When is a Network NOT Your Network? Think Social.

When is a network NOT your network? If you're an typical person working for a typical company, it's when you're talking about SOCIAL NETWORKS.

However, this isn't always as bad as it sounds.

I've spent time over the past several months trying out various social networks to understand how people at a typical enterprise might use them -- other than to get a job outside that enterprise!

My interest was originally to understand how we could do a better job supporting more dynamic networks of employees, partners, and suppliers in meaningful online situations.

After all, many of these users are all represented in your enterprise's existing networks in directories, databases, and applications. If I look for a document in my content management system, doesn't it make sense that a result might come back first as much because of who wrote that document and their relationship to me (reporting, project groups, departments, tags, etc...) as much as because of the proximity of my search terms?

That said, this posting is less about enterprise social networking than it is about the existing social networks that everyone knows about and how they fit for an enterprise user:

I could see a lot of situations where using technology such as virtual directory to link enterprise directory users with their connections on a service like this might be useful...except that the actual relationships here are ill-defined. I might have added some people that I work with all the time and other people that I haven't talked to in ten years. I may have also added people that I talked to once at last week's conference that I'll never talk to again.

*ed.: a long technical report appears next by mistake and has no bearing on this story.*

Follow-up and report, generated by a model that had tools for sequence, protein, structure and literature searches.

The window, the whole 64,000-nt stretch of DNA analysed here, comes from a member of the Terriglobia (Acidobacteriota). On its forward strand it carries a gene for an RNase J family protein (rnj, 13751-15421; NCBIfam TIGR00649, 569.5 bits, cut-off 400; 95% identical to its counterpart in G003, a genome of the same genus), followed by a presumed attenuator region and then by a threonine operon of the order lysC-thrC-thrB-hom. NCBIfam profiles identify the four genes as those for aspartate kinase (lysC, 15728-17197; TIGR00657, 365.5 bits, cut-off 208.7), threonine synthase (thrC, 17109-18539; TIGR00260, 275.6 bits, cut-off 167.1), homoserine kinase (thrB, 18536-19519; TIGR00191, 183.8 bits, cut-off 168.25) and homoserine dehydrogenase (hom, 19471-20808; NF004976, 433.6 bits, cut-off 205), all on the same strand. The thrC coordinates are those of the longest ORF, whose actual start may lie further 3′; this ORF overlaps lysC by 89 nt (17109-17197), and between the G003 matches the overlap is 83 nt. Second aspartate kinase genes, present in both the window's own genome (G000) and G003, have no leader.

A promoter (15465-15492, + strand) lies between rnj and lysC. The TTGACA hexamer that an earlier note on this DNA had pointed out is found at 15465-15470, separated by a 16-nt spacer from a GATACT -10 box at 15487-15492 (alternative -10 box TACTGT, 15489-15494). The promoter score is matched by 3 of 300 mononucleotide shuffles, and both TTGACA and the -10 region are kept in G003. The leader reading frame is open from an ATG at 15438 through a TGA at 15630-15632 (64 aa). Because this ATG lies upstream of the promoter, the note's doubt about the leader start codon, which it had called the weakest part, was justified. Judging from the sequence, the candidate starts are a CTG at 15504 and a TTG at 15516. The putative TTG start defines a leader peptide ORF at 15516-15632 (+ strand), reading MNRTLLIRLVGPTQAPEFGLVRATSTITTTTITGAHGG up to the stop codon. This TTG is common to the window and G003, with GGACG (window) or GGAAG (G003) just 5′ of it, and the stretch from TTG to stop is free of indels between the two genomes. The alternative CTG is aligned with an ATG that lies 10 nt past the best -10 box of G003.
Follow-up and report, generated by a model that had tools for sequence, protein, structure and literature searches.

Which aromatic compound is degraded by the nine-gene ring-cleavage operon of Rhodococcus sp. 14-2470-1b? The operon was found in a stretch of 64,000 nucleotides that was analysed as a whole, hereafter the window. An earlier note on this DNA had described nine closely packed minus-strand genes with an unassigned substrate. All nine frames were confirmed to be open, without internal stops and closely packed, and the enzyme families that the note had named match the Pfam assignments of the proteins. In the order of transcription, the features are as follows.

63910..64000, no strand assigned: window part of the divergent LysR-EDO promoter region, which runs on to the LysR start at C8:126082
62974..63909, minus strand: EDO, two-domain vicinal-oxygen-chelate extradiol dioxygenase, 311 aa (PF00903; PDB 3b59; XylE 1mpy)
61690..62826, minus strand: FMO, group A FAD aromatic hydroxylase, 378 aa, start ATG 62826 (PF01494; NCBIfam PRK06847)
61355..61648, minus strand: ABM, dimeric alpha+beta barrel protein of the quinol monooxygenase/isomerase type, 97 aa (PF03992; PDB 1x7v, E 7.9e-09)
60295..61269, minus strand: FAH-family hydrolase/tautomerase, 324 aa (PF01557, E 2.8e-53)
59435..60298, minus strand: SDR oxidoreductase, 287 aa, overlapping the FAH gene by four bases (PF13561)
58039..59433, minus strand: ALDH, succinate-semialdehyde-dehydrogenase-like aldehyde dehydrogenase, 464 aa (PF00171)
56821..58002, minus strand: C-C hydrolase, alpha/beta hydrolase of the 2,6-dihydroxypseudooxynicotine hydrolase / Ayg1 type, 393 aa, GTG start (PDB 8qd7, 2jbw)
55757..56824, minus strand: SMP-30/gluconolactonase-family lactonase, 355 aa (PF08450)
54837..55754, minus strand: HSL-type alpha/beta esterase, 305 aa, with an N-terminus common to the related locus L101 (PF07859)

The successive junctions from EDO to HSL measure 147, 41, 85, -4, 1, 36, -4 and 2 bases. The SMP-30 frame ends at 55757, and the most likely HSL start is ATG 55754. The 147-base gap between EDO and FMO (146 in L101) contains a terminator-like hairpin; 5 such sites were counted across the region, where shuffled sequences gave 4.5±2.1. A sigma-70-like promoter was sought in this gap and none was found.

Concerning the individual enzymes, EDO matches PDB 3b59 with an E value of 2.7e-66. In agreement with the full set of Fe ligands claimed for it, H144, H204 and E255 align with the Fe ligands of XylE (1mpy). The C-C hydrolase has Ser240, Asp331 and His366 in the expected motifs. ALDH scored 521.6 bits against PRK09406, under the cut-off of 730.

As those of us in the identity and directory spaces have known for a while, figuring out how identities really fit together with all the various other identities (e.g. taking ad-hoc groups of users with the same privileges and lumping them into a role) is a lot harder to do than it sounds.

If there was more context around these relationships, linking to it would be the easy way to give your sales people a roadmap to reaching the person they want at a particular account through someone they already know. Or lets you know which partner might be the best to go into an opportunity with based on their existing successful relationships with a customer.

Clearly there's a lot more here, but given that I'm not actually linked via LinkedIn to most of the people I'm REALLY related to (colleagues, managers, staff, etc...), the network being shown is far from complete.

If I wasn't linked to anyone I deal with on a regular basis on LinkedIn, this is even more the case with Facebook. One again, while I have a network, it's missing major people.

Even more troubling to adoption in corporate environments, though, is the application platform. There is one, but most of what has been built on it isn't very meaningful and it's hard to find the stuff that might be good or become good with enough support.

Since some of the emphasis here is on content sharing (photos, blogs, comments, etc...), many enterprise users are going to be cautious about inviting their colleagues, managers, or subordinates to their network out of concern that sharing their photos from Tahoe might not be interesting to that class of people in their network.

As a source of data and enterprise network information, I have a hard time seeing where a typical enterprise might want to hook up, even with well documented APIs.